Those who have the self-confidence to go about opening a restaurant have to be admired.
Never mind the investment it takes real blood, sweat and tears, never mind living and breathing work – weekends, holidays, special occasions, Christmas, New Year, working.
Yet it has been good to see a real flurry in new dining and drinking outlets in and around Preston this last 12 months.
Getting customers to the doors is itself a full time job, it’s then about enticing those who do come to return.
The Ginger Bistro in Fulwood first opened its doors late last year.
Located in the former site of the former Slice of Sicily eatery in Garstang Road, it has undergone a major refurbishment with dining for 60 guests in a modern setting.
A family-run business, their offering – gastro pub style food.
Their mission: “To bring fresh, fine dining to the people of Preston and to compliment the surrounding businesses by providing delicious food, fine wines and cocktails.
“We want to be in the heart of the community.”
It’s a bold statement much like the interior with dark tones and the reclaimed wood finish. There are a mixture of intimate booth seating areas with smaller table dining.
It is cosy without feeling cramped.
The installation of a lower ceiling has helped create a better atmosphere and ambience - something which was distinctly lacking in this space previously.
However, while the decor is certainly warm and inviting the actual venue is not.
There were other guests the evening of our visit that sat in their coats whilst dining and even sat in a booth at the back, we all felt the chill.
The menu offers a balance of unique dishes and old favourites. It is also separated distinctly with vegan and vegetarian offerings, which is a nice and helpful touch.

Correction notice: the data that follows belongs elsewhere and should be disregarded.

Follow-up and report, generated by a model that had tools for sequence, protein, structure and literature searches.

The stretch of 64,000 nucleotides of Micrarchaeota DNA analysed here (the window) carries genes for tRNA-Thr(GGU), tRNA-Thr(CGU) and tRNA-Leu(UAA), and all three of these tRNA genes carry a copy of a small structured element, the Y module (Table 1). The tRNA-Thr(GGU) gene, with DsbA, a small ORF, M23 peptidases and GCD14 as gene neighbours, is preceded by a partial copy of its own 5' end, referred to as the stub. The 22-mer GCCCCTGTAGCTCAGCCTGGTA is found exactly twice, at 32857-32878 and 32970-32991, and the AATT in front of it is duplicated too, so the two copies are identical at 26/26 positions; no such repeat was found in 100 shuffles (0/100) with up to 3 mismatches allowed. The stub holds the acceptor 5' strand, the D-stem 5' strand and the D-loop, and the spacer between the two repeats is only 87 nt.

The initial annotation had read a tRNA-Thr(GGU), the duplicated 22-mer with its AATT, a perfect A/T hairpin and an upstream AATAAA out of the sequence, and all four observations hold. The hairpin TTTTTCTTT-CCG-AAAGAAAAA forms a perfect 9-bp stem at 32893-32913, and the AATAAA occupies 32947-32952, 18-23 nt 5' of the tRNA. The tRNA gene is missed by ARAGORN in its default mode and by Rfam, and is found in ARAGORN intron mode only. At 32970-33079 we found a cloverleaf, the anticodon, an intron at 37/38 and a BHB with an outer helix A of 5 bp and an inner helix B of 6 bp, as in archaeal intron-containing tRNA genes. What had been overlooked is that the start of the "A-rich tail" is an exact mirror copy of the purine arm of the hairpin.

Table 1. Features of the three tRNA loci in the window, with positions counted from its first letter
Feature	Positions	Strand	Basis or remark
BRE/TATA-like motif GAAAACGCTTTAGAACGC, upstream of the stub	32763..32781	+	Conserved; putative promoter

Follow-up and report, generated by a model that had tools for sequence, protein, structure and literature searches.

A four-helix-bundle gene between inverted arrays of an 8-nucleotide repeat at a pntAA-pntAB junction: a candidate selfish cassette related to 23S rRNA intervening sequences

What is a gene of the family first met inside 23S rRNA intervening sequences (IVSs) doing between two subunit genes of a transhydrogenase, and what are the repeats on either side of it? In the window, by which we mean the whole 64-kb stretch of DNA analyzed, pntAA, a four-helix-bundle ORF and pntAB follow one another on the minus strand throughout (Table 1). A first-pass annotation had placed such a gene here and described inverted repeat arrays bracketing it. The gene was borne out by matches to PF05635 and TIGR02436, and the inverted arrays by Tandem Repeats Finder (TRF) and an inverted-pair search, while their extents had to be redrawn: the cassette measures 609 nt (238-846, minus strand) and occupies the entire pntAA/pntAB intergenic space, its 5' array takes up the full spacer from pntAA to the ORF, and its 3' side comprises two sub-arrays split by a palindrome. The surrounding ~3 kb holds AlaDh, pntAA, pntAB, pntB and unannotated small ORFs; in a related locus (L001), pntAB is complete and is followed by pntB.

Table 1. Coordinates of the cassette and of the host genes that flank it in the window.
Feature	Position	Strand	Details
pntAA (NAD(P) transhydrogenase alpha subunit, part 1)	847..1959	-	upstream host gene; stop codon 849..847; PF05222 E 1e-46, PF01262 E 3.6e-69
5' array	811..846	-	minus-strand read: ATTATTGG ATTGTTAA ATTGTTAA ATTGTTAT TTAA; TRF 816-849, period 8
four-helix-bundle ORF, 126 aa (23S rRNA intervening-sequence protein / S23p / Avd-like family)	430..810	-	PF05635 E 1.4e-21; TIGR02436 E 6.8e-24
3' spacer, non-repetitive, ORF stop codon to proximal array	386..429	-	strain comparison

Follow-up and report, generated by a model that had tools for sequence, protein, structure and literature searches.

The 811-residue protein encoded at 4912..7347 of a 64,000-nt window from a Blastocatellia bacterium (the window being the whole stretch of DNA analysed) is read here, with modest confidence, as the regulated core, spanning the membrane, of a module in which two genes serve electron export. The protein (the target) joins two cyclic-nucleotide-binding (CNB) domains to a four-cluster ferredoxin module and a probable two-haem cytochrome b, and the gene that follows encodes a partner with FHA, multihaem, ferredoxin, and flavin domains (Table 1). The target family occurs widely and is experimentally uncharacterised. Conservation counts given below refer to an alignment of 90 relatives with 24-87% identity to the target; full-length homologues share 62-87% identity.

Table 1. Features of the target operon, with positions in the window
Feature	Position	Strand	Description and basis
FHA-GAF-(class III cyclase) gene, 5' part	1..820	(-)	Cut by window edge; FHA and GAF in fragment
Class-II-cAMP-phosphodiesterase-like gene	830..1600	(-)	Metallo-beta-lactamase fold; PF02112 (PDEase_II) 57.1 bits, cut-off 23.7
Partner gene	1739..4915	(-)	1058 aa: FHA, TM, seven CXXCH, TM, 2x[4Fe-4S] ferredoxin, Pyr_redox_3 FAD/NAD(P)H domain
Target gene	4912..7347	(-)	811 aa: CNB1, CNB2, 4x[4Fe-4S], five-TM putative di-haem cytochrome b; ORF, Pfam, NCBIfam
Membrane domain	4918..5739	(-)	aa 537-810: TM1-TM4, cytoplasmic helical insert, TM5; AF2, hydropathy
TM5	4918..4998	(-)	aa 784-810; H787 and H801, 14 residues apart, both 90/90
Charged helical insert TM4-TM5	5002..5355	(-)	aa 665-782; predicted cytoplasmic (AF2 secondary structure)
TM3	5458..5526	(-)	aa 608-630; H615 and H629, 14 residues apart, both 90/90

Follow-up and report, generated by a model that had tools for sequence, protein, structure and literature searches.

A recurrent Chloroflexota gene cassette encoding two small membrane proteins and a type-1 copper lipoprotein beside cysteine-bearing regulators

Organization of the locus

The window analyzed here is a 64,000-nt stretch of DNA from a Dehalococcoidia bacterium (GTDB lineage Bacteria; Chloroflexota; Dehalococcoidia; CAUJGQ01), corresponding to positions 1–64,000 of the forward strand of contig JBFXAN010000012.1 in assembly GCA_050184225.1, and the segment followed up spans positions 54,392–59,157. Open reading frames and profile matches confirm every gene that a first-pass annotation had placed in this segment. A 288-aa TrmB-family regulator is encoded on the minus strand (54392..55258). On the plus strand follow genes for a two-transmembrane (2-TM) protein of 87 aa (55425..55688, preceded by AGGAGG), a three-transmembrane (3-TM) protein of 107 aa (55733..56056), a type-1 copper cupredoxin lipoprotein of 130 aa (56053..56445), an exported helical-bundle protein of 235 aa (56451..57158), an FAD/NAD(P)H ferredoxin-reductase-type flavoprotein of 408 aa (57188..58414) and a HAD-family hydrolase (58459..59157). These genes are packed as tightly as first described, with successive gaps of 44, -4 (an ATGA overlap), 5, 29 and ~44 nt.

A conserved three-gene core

It’s also a good way to intrigue customers with new takes on food.
After being seated at the table we were given time to peruse the menus before ordering drinks.
There is a soup and fish of the day, the waiting staff on the evening did not explain this when they handed over the menu, something the head waitress did apologise for on taking the order.
There are always going to be a few teething problems when staff are finding their feet but a couple of waiting staff came across rather uninterested, if not uncomfortable and it really did show.
It’s amazing how far a smile for starters can reach.
There was no great wait on the food but when it arrived the burger was served with skinny fries rather than the chunky chips ordered.
Instead of taking back the whole plate to the kitchen, the waiter simply removed the side bowl.
It’s not a major complaint but a no-no when selling guests a ‘fine dining’ experience.
The king prawn and chilli linguine and lamb shank which made up the order were nicely presented.
There was plenty of pasta, which was beautifully cooked and the tomato based sauce extremely tasty but in honesty there was no real kick, I wondered if there had been any chillies added at all and a few extra prawns would not have gone amiss.
I’d enjoyed a vegetable and homemade hummus starter, picked from the vegan menu.
All the meats and produce are locally sourced and the lamb dish looked lovely and fell away nicely as it was cut from the bone.
The accompanying gravy was full of flavour but whilst my dad very much enjoyed the dinner he said he left hungry with the side portion of vegetables and potatoes just not enough.
There are side order variations available but should you really have to pay for extra vegetables to make up a meal?
We all agreed the chunky chips were a real winner, with a lovely crisp coating and fluffy centres. I’d definitely have these again.
It was early evening 6pm when we made our visit and the restaurant was reasonably busy when we left around an hour and 15 minutes later.
There was a nice selection of desserts but we all decided against, instead opting for coffee.
With drinks including a draught beer and a medium red wine and two cappuccinos the final bill came to £63.
For a nice evening out or lunch with friends or a couple’s meal – I’d definitely give Ginger Bistro another go. It really is up to the community to embrace it.